Without a doubt Hispanics or Latinos are gaining importance in the United States of America. It comes as no surprise that big companies are making adjustments to their marketing efforts according to shifts in demographics and spending power. The Hispanic consumer market is valued at around $1.2 trillion, studies project that Hispanic consumers will account for about 11 percent of all purchasing power by 2017. According to Advertising Age Magazine Hispanic media spending in year 2012 added to $8 billion.
Traditionally advertising targeted towards Hispanics has leveraged proven strategies such as featuring brand ambassadors that appeal to Latinos, printed media has been important for targeting Hispanics as well. Now a days Marketing and Advertising professionals face the challenge of balancing traditional strategies and updated ones, such as those incorporating social media channels.
According to a recent study by BIA/Kelsey’s Consumer Commerce Monitor, Hispanic consumers are outpacing non-Hispanics in the adoption of mobile and social resources when shopping, primarily while doing local shopping. The study revealed that around 49% of Hispanic consumers reported using mobile devices for local shopping, this figure contrasts with the 32% of non-hispanics consumers reporting using similar technologies while shopping.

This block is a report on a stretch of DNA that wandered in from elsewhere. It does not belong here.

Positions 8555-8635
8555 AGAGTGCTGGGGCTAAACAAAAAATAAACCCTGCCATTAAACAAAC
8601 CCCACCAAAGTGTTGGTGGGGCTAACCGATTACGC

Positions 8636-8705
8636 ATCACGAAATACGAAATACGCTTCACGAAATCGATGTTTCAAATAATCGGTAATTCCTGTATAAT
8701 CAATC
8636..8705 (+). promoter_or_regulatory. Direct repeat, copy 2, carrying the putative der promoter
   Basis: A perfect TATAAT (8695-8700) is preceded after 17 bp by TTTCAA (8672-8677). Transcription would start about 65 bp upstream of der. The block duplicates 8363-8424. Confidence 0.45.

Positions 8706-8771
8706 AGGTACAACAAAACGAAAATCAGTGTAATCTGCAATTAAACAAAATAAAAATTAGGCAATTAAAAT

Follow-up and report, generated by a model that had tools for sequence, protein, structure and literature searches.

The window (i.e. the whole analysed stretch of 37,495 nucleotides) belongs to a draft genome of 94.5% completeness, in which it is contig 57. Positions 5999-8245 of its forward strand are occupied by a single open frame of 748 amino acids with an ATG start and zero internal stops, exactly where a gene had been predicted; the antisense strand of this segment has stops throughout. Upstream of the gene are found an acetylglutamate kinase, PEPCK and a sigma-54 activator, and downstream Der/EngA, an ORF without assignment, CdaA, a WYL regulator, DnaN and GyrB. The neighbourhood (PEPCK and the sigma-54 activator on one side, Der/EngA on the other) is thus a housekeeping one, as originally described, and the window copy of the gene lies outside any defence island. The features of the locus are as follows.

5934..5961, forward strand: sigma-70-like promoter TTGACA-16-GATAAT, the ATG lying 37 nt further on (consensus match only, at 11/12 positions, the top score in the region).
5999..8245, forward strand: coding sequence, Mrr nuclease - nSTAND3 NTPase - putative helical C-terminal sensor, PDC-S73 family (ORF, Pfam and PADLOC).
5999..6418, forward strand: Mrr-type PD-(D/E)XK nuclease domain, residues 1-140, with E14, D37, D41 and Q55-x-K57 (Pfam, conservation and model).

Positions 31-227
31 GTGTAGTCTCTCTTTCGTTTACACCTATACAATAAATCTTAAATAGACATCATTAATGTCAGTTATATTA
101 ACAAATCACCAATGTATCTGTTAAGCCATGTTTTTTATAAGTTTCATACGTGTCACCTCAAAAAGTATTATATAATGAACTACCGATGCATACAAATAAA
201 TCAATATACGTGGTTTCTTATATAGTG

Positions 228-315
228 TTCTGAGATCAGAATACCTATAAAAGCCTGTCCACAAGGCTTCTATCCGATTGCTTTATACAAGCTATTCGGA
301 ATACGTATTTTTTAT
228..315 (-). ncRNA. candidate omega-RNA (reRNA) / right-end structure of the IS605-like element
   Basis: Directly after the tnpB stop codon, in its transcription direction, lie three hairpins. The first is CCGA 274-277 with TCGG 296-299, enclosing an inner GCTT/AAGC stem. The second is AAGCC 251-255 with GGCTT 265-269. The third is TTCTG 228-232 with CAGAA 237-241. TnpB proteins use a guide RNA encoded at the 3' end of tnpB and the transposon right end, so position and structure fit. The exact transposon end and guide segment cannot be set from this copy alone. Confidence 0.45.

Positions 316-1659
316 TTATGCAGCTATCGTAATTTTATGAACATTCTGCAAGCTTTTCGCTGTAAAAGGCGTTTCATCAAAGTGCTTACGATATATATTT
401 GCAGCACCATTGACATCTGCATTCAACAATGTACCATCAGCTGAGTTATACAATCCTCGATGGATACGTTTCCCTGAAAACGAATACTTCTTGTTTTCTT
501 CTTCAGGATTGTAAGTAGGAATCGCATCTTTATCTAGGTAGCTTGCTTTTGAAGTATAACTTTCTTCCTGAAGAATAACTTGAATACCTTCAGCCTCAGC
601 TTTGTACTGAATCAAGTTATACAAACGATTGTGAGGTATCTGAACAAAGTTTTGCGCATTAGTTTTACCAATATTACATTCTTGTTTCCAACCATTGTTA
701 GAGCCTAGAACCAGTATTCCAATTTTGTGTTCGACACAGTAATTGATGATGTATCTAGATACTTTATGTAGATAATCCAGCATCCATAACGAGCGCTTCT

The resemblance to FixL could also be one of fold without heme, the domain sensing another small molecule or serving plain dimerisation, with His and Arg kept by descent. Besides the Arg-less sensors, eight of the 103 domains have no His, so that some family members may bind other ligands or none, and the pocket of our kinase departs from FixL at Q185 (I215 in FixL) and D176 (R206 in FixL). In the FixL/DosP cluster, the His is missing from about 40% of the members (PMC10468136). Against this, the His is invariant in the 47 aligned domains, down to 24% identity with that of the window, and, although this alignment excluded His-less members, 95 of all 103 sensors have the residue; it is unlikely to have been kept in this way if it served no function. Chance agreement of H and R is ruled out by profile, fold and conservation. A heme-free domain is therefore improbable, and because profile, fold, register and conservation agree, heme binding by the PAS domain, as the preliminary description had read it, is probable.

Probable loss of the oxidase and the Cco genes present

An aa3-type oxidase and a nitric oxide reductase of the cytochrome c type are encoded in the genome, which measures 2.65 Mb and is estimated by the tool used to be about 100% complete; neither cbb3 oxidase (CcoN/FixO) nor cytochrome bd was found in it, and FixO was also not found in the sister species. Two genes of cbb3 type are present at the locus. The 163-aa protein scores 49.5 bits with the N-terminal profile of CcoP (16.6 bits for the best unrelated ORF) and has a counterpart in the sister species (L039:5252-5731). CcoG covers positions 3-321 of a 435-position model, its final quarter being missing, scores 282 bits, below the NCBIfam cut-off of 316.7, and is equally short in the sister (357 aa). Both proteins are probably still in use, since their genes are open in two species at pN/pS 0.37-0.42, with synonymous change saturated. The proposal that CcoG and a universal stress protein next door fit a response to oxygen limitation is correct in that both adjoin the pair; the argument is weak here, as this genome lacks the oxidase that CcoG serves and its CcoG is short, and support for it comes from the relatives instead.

Hispanic consumers tend to be very loyal to local business. From small stores to big corporations establishing integral social and mobile advertising and loyalty strategies will be key to attract and retain Hispanic consumers.
Globally, women represent $20 trillion in purchasing power and are typically the primary decision makers for everything from cars to household items. Yet female-targeted ads are falling short, alienating rather than connecting with women. Canadian ad agency Marketel recently commissioned a research survey where they identified the top 8 women’s advertising fails:
1. Underestimating women’s intelligence.
2. Patronizing/condescending messages.
3. Failing to show the company cares.
4. Portraying women as sex objects.
5. Assuming women don’t have a sense of humor.
6. Not showing moms as real people.
7. That only pink = feminine.
8. Forgetting that health matters.
Women’s belittlement, objectification and false perfection exhibited in advertising has long been the subject of controversial discourse. In 2014, it is taking new heights. As the disconnect between women and advertising becomes more prominent and campaigns like Dove’s “Real Beauty” advance awareness of how the industry misrepresents women, women are demanding a voice in advertising.